Gelser bill addresses fifth-year high school programs
Wednesday, February 24, 2016
School districts have increased graduation rates at some Oregon high schools using what are called “fifth-year” high school programs. K-12 school districts retain students for an additional year after they have met all graduation qualifications. The students attend higher education, in most cases community college, while retaining ties to the local K-12 district for a fifth year of high school. For students who are the first in their families to attend college or face other challenges, this may both motivate them to graduate from high school and facilitate a smooth college transition.
The funding for this fifth year currently comes from the State School Fund, with the same per-pupil funding and weights as for all other K-12 students. In effect these programs spread the K-12 dollars more thinly over a larger school population, to pay for a year of higher education. Up until now the number of students in such programs has been relatively small, but if every Oregon high school provided this option it would significantly dilute the per-pupil funding for all students.
The Legislature is considering Senate Bill 1537, sponsored by Sen. Sara Gelser, D-Corvallis, which creates a “post-graduate scholars” program. If passed, the bill would continue to provide fifth-year programs while winnowing the number of qualifying students to only those who need services the most. The bill limits the students who qualify to those who have satisfied diploma requirements, have filled out the federal financial aid form known as a FAFSA and are not eligible for the Oregon Promise or for a federal grant that covers tuition and fees. Districts will receive a declining weight for each student each year: full funding in 2016-17, .85 in 2017-18 and .75 in 2018-19. Districts may not claim additional weights in the State School Fund, such as poverty, ELL or special education.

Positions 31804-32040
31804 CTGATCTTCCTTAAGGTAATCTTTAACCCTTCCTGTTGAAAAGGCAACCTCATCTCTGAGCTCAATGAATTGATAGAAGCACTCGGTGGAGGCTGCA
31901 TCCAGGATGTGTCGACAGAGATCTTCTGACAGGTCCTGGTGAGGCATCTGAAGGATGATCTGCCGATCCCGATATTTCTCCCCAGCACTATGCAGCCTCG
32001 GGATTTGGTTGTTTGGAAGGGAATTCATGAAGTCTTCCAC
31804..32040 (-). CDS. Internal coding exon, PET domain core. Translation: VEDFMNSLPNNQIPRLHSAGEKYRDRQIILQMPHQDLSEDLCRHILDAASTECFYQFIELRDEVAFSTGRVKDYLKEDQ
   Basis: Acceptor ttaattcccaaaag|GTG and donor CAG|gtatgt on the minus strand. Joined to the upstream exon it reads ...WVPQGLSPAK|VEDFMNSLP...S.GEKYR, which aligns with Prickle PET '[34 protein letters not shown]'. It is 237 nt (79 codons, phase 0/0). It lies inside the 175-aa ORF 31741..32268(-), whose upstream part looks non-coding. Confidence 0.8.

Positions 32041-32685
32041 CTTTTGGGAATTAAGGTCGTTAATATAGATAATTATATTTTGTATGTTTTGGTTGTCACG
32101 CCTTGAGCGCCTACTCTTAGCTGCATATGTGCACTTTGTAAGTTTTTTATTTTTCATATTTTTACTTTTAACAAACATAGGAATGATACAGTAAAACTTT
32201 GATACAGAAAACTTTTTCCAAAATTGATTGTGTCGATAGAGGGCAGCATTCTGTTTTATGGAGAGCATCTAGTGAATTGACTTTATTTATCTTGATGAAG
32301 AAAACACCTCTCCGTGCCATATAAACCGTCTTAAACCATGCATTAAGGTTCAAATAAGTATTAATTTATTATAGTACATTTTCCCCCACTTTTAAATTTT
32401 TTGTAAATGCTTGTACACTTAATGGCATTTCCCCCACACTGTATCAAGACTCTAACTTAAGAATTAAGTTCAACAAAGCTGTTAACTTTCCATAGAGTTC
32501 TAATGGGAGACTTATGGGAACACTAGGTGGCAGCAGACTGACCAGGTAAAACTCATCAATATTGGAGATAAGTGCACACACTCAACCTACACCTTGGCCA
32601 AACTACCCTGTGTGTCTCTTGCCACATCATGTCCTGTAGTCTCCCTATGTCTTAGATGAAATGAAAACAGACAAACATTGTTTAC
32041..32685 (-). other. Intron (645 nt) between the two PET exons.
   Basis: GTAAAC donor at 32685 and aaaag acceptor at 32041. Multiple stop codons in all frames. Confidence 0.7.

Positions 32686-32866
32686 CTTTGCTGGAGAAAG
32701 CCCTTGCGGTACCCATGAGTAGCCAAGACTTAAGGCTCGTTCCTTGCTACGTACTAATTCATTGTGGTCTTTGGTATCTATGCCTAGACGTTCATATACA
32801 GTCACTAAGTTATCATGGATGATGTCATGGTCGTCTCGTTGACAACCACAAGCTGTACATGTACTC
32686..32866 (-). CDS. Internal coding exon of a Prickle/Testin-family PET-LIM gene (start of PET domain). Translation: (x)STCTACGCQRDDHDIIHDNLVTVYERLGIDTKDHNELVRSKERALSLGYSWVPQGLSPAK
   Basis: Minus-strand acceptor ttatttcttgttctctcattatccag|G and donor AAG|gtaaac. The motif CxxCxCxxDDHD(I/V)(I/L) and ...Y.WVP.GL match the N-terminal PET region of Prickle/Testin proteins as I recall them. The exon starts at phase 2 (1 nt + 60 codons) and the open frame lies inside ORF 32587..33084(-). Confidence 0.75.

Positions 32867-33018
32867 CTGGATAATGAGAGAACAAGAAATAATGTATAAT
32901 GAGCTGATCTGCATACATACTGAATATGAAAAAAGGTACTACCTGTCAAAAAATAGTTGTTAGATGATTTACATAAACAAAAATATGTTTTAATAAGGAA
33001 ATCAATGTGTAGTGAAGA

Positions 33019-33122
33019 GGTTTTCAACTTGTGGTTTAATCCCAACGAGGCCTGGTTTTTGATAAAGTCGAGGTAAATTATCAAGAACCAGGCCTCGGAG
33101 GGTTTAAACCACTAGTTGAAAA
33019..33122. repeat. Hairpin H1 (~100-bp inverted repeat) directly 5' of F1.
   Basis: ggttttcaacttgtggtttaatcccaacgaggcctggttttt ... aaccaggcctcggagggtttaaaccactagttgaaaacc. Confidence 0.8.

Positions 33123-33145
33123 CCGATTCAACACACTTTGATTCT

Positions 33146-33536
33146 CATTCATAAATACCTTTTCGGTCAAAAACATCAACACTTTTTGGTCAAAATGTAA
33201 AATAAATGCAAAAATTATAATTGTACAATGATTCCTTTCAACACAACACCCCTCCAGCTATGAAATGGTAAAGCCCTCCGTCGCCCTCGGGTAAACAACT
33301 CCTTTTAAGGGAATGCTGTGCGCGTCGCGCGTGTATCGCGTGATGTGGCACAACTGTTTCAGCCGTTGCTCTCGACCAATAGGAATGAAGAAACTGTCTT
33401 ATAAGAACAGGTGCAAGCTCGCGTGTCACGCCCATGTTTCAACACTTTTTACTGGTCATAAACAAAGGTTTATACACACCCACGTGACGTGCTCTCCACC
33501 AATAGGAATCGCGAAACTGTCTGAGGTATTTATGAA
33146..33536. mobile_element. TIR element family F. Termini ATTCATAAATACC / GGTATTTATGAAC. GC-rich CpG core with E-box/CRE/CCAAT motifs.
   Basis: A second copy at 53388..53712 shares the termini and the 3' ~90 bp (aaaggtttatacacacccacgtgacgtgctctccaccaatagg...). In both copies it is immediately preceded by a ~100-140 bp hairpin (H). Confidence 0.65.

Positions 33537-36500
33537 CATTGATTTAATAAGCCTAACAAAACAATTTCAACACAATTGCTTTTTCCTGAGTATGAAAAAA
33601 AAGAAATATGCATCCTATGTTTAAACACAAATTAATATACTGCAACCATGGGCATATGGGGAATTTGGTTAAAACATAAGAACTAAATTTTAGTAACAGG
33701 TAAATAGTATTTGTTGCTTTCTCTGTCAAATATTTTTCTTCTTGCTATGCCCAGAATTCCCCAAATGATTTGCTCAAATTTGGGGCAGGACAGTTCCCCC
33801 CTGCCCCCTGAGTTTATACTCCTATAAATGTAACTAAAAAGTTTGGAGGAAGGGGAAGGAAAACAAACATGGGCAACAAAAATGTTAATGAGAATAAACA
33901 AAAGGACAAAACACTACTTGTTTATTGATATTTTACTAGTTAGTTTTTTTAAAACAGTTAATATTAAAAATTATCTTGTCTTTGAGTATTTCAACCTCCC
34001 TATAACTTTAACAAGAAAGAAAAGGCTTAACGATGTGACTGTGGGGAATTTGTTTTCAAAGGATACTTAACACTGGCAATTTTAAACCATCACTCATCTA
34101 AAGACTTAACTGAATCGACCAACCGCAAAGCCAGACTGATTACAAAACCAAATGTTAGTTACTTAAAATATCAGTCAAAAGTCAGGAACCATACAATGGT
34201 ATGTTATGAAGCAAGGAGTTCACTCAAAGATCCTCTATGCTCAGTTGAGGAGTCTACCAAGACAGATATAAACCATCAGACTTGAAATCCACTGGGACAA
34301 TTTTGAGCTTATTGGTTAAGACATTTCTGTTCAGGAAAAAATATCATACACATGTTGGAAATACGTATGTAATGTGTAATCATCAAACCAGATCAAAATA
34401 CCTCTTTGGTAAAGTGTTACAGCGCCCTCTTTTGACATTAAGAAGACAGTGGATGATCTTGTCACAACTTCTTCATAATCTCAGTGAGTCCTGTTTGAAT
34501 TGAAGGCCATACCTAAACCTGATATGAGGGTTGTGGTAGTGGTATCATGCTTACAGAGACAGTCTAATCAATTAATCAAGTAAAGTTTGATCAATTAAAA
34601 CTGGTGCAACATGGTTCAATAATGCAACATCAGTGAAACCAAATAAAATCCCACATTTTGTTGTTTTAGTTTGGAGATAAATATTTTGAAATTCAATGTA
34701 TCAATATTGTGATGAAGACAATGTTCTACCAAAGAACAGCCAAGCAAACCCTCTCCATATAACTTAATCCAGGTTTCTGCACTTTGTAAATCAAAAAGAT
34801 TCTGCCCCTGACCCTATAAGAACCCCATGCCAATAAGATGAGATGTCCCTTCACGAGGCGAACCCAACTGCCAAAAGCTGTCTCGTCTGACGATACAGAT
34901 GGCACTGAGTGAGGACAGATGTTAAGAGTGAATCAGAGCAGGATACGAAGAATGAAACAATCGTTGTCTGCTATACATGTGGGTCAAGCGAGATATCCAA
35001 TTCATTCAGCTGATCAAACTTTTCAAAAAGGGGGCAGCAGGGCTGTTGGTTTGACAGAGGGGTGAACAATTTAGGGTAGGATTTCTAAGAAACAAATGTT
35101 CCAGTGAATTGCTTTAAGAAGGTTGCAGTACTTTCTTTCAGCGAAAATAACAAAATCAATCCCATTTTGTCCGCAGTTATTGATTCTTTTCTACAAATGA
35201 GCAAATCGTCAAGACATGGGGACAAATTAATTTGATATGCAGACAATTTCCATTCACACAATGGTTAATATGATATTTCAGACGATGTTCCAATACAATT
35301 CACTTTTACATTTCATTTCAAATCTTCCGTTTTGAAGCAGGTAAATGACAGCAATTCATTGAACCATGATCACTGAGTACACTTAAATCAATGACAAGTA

The restrictions will significantly limit the number of students eligible for funding while ensuring service to those students who need it most. The bill requires that data be gathered on students served, costs and program efficacy. The Oregon Department of Education must make a report to the Legislature by Nov. 1, 2018, including a recommendation to establish a sustainable program funding mechanism. If the Legislature takes no action by June 1, 2021, the system will revert to its current state, covering all students in districts that choose to have fifth-year programs.
OSBA discussed this bill at our Legislative Policy Committee (LPC) meeting in January. OSBA Board and LPC members discussed the tradeoffs between continuation of a successful program and potential impacts on overall K-12 school funding. With a two-year window to analyze the program, the Legislature will be able to make more informed data-based decisions in 2019. The consensus of the Board and LPC discussions was that this bill strikes a balance between keeping these programs open while minimizing funding dilution, and ending all programs and thus harming students who don’t have other options. OSBA will work diligently with the Legislature to identify a long-term funding solution that does not dilute K-12 resources and addresses the concerns of our members on varying sides of this issue.